The IEA said that market tightness is starting to ease as production recovers in the U.S. and elsewhere

Market Insights
Heating Oil
November 17, 2021

Recap: Oil futures reversed early gains on Tuesday after the Federal Reserve Bank of St. Louis said the central bank should speed up its reduction of monetary stimulus in response to a surge in U.S. inflation and after the IEA said that market tightness is starting to ease as production recovers in the U.S. and elsewhere. Early in the session oil futures had gained as much as 1.2%. Prior to the settlement period, oil found support after comments from U.S. House Majority Leader Steny Hoyer lowered expectations that the U.S. will tap the SPR to help lower gasoline prices. December WTI fell 12 cents, or nearly 0.2%, to settle at $80.76 a barrel, while January Brent tacked on 38 cents, or 0.5%, to settle at $82.43 a barrel.  December RBOB added 0.9% to $2.35 a gallon and December heating oil rose 1.4% to $2.431 a gallon.

Market Outlook: With oil prices hitting a three-year high in October, global production, particularly in the U.S. has ramped up as producers look to take advantage of the rally. That being said, if prices get back up toward the $85 level, producers will be tempted to further ramp up production and once again ease the price rally. Currently, both the main and minor trend of this market is pointing to the upside but they could be running out of steam. A trade below the 50-day moving average will shift the trend to the downside, with the potential of this market trading down toward $75. A break above $82.33 should trigger some fresh buying, as this will signal a continuation of the up move. 

Fundamental News Acting administrator of the U.S. EIA, Stephen Nalley, said the impact of releaseing oil from the SPR would be pretty “short-lived”.  He said the release of SPR oil would affect the market for about a couple of months and added that typically the other dynamics in the market would overtake any decrease in price.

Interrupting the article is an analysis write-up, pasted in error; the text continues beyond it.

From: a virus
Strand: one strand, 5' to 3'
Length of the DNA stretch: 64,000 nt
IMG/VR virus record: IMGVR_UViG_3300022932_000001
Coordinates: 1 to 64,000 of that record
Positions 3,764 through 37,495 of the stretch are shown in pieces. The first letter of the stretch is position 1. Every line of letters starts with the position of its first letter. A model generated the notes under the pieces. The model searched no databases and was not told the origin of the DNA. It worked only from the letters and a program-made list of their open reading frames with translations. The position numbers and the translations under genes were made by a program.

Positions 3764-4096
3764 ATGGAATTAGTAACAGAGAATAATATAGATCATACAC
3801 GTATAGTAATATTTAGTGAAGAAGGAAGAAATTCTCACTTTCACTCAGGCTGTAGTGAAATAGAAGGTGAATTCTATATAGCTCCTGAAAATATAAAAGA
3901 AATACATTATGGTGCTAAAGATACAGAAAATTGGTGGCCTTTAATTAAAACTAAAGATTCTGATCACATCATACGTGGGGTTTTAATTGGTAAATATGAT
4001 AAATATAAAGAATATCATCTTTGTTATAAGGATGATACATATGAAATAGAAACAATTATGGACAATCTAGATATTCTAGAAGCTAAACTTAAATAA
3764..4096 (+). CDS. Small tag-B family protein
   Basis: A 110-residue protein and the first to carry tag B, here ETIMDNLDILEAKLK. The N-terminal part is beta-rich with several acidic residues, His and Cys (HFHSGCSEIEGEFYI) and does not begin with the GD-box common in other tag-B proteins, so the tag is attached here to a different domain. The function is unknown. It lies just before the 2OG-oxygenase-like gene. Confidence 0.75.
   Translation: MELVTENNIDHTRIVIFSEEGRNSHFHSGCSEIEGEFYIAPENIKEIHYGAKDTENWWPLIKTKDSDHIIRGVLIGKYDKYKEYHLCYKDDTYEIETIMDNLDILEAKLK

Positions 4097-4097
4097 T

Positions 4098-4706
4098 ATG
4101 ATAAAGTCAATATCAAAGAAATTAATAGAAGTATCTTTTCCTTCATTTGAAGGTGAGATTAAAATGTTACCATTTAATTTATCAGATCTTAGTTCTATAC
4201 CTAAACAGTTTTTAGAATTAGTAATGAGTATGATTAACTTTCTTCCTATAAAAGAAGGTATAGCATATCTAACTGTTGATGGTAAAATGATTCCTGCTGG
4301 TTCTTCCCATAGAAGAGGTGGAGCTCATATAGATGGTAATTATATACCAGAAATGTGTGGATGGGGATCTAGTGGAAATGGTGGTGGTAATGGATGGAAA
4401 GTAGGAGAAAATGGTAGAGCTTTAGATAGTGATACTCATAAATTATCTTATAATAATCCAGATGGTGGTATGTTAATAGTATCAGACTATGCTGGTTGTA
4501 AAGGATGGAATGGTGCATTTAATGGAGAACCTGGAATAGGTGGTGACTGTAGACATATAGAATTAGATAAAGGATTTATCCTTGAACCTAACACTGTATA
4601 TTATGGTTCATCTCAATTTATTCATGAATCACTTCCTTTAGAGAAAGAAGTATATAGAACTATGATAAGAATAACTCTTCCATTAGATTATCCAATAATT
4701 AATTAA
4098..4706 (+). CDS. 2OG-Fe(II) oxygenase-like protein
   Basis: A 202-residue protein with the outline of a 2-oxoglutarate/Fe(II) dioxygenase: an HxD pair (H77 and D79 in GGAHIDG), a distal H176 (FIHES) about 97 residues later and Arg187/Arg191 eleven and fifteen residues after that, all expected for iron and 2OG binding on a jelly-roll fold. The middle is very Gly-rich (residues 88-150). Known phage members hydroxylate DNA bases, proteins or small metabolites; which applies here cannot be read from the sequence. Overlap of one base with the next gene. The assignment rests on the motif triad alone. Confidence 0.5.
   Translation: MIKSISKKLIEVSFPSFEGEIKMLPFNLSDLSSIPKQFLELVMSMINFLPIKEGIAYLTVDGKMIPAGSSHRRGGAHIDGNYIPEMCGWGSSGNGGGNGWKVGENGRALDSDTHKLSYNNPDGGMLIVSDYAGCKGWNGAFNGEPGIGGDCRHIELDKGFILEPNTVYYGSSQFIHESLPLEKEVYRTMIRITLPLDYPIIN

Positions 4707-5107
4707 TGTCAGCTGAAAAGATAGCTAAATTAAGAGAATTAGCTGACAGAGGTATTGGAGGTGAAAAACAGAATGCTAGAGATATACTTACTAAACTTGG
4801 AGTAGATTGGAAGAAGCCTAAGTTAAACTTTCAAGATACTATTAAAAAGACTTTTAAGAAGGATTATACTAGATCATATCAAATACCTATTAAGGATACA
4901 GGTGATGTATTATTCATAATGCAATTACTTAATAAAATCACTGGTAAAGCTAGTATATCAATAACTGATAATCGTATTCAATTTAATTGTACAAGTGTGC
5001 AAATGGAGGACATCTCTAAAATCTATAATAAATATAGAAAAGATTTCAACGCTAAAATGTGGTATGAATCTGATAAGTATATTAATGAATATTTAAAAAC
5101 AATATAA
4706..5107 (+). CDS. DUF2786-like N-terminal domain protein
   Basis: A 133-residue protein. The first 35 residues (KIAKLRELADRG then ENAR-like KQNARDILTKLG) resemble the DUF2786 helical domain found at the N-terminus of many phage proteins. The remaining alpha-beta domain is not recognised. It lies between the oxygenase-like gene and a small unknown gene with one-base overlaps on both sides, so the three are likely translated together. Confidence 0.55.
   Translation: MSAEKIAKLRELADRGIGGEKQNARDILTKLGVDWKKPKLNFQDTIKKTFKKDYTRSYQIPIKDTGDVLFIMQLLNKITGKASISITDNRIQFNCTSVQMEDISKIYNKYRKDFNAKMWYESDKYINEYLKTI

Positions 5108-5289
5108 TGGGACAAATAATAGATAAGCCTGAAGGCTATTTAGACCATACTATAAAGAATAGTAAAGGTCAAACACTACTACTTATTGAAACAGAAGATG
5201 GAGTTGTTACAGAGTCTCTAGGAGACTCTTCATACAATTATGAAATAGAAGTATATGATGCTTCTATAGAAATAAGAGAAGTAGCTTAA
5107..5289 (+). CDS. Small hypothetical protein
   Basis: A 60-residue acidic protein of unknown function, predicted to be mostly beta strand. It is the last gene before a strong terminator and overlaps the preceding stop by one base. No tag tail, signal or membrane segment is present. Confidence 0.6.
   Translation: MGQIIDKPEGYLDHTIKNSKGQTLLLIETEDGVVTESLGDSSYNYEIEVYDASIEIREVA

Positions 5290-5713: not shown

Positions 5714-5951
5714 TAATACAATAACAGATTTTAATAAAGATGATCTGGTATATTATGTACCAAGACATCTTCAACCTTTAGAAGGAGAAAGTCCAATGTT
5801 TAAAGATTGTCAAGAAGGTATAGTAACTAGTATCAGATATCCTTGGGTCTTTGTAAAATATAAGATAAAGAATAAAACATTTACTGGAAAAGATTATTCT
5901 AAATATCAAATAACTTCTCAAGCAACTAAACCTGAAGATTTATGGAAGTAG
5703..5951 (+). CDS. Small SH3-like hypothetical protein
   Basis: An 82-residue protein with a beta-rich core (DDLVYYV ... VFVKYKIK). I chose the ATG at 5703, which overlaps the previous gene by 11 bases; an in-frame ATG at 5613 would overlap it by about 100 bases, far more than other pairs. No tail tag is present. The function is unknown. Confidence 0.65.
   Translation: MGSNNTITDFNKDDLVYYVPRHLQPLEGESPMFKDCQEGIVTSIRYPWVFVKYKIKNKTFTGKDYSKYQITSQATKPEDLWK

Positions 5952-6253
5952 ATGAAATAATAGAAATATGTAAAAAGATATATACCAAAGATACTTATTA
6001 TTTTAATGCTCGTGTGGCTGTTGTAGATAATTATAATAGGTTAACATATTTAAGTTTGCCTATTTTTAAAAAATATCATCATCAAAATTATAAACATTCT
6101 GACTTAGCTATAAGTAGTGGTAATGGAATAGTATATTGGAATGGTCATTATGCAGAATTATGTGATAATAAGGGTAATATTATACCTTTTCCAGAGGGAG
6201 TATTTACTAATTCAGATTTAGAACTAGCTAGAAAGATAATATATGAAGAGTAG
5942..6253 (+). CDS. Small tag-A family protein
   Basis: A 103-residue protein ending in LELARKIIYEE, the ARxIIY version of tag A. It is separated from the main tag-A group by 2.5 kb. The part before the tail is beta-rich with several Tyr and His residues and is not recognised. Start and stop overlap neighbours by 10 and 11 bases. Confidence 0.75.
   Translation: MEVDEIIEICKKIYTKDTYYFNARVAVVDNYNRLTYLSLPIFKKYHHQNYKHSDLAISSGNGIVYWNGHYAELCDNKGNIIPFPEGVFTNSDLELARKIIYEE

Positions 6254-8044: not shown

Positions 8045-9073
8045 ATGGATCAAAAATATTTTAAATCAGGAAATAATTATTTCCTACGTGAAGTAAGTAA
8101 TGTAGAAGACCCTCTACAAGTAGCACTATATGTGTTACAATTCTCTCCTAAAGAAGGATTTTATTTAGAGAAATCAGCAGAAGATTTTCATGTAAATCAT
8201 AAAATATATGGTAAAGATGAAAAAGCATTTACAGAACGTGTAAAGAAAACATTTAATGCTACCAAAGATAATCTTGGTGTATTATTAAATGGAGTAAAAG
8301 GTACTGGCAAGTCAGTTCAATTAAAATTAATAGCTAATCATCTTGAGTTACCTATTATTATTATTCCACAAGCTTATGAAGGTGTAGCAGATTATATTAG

The International Energy Agency said an oil market rally may ease off as prices that hit a three-year high last month help push up global supply, particularly in the United States. It said new northern hemisphere COVID outbreaks, slightly weaker industrial activity and higher oil prices will temper gains. It said reprieve from the oil price rally could be on the horizon due to increasing supplies.  It said the current oil price provides strong incentive to increase U.S. oil activity even as operators stick to capital discipline. It however stated that U.S. oil output will not return to pre-COVID rates until the end of 2022. It said the U.S. is set to account for 60% of 2022 non-OPEC+ supply gains that are now forecast at 1.9 million bpd. The IEA also stated that OECD industry oil inventories are at their lowest level since the start of 2015, but added that inventories in October increased slightly. Inventories fell by 51 million barrels in September to 2.762 billion barrels, 250 million barrels below the five-year average. IEA said oil supplies in October increased by 1.4 million bpd to 97.7 million bpd. The U.S. account for half of the oil supply increase in October. It predicted a further global oil production increase of 1.5 million bpd over November and December. The IEA left its forecast for oil demand growth mostly unchanged at 5.5 million bpd for 2021 and 3.4 million bpd in 2022. The IEA increased its assumption for the 2022 average Brent crude oil price to $79.40/barrel and $71.50/barrel this year.

OPEC Secretary General, Mohammad Barkindo, said that OPEC is seeing signs of an oil supply surplus building from next month so its members and allies will have to be "very, very cautious" when they review output policy at regular monthly meetings. He expects an oil supply surplus as early as December and the market to remain oversupplied next year. He added that OPEC has a vested interest to ensure that the global economic recovery continues, while speaking to reporters on the sidelines of a conference in Abu Dhabi.

Early Market Call - as of 8:25 AM EDT

WTI - Dec  $80.00, down 76 cents

RBOB - Dec $2.3270, down 2.24 cents

HO - Dec $2.4167, down 1.37 cents

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